“Say what you want about 350.org,” said Peter Knight, who manages $11BB of socially responsible investments, “but they changed the discussion.” If 350.org brought the divestment discussion into the living room, SOM students brought it into the board room on Friday night for history’s first “Low-Carbon Portfolio Case Competition.”
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Todd Cort co-directs the Center for Business and the Environment at Yale. He reviews the specifics of socially responsible investment (SRI) and offers suggestions for participants in the School of Management’s upcoming inaugural “Low-Carbon Portfolio Case Competition, co-sponsored by YCEI.
Yale’s School of Management presents the first national competition for business school students to demonstrate the most innovative and financially successful portfolio management plan for a hypothetical company that has chosen to divest its fossil fuel holdings.
Karen Hussey is Associate Professor at the Fenner School of Environment and Society at the Australian National University (ANU) where she undertakes research on policies, institutions and governance for sustainable development. She leads several projects assessing the effectiveness of Australian laws and policies for supporting adaptation to climate change.
Canadian Parliament’s Honorable Stephané Dion frames the afternoon presentations for YCEI’s Fifth Annual Conference by summarizing the stark and constantly growing challenge of reducing CO2 emissions even as energy demand grows.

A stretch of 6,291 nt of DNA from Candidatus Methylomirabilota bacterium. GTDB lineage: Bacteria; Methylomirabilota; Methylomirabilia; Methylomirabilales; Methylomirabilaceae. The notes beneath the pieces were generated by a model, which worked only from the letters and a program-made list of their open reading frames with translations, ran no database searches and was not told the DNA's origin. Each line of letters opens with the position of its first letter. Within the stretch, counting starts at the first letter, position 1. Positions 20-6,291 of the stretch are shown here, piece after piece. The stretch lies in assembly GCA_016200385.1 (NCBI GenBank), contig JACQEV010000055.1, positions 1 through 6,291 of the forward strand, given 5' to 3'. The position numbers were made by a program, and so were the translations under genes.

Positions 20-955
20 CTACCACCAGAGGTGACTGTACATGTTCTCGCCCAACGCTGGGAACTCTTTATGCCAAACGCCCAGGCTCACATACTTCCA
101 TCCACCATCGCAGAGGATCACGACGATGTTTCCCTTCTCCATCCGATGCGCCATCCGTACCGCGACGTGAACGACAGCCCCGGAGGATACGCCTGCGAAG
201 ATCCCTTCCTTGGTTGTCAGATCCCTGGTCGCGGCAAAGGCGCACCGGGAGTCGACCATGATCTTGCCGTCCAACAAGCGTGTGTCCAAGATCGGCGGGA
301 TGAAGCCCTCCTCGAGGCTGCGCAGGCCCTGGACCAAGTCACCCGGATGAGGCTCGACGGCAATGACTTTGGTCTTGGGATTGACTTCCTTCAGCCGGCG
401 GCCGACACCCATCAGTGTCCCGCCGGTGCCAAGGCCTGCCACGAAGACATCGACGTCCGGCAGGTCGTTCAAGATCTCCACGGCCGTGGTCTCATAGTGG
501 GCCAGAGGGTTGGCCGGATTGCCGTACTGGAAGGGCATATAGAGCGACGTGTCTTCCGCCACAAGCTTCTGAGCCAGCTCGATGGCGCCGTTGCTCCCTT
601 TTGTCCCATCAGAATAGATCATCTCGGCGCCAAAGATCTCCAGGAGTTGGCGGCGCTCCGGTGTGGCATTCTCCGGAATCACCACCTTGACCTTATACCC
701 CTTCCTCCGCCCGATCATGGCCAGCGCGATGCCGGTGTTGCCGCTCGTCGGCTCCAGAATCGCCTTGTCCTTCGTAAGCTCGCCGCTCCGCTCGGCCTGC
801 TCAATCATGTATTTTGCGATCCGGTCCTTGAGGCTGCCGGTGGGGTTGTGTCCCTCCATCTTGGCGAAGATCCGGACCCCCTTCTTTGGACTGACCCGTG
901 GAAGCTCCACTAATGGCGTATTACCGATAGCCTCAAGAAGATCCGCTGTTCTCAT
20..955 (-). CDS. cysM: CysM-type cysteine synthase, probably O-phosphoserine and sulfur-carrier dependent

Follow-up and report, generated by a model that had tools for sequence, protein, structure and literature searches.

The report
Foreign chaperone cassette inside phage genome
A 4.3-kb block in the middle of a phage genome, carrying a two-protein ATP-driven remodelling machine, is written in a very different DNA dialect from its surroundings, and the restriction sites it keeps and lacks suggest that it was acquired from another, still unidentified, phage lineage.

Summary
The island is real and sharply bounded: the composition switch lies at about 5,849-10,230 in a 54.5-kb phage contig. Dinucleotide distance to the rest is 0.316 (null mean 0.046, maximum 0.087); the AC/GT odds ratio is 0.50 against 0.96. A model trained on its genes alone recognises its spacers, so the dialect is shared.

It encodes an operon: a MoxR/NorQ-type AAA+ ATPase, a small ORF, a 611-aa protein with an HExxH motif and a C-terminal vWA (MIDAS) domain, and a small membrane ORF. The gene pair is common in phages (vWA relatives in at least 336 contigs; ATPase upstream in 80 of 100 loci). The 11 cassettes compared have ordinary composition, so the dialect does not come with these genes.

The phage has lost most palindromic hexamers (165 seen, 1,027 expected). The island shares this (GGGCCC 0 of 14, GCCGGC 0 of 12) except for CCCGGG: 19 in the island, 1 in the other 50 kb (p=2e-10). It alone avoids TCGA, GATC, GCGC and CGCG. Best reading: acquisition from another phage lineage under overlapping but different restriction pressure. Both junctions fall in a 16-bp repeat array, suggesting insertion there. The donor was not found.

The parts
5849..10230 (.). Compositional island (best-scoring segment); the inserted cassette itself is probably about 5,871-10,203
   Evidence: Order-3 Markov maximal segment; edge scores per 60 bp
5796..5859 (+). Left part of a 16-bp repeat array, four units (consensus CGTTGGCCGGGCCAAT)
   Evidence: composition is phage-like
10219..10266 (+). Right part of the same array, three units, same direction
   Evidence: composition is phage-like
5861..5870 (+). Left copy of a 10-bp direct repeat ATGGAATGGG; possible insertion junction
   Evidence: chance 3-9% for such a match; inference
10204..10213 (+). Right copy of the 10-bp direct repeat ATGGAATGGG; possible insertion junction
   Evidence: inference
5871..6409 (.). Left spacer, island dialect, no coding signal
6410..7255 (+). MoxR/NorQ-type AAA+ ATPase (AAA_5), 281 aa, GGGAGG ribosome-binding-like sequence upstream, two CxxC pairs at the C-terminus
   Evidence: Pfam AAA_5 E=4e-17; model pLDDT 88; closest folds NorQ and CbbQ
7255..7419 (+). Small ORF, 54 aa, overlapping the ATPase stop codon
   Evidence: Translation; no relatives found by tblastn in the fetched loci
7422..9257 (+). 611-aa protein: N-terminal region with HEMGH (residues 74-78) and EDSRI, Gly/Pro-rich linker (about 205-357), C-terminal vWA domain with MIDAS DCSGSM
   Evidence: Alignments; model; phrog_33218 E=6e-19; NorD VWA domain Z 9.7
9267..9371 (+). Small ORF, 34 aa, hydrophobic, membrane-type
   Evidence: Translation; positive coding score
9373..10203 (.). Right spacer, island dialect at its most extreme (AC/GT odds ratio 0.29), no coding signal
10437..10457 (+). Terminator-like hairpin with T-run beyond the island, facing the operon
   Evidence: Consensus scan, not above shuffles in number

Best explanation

The first presenter is Holmes Hummel, a protege of panelists Zhang Xiliang and Dr. Nakocenovic, and recent Senior Advisor at the U.S. Department of Energy. Holmes discusses various “species of analytic tools” that the DOE and others use to anticipate the future energy landscape.
John Reilly is an energy, environmental and agricultural economist, and Co-Director of the MIT Joint Program on the Science and Policy of Global Change. The Joint Program describes its mission as the study of “interactions between human and Earth systems to provide a sound foundation of scientific knowledge that will aid decision-makers in confronting the coupled challenges of future food, energy, water, climate and air pollution, among others.”
Antony Millner of the London School of Economics starts his talk by saying he’s been given the “distressing” task of describing what’s know about the “fat tails” of probability distribution that indicate catastrophic outcomes.
Geoff Heal, Columbia University, discusses how scientists and the IPCC focus on general tendencies related to climate change, whereas what economists need are more information about the outlying events, the disaster scenarios that motivate policy choices.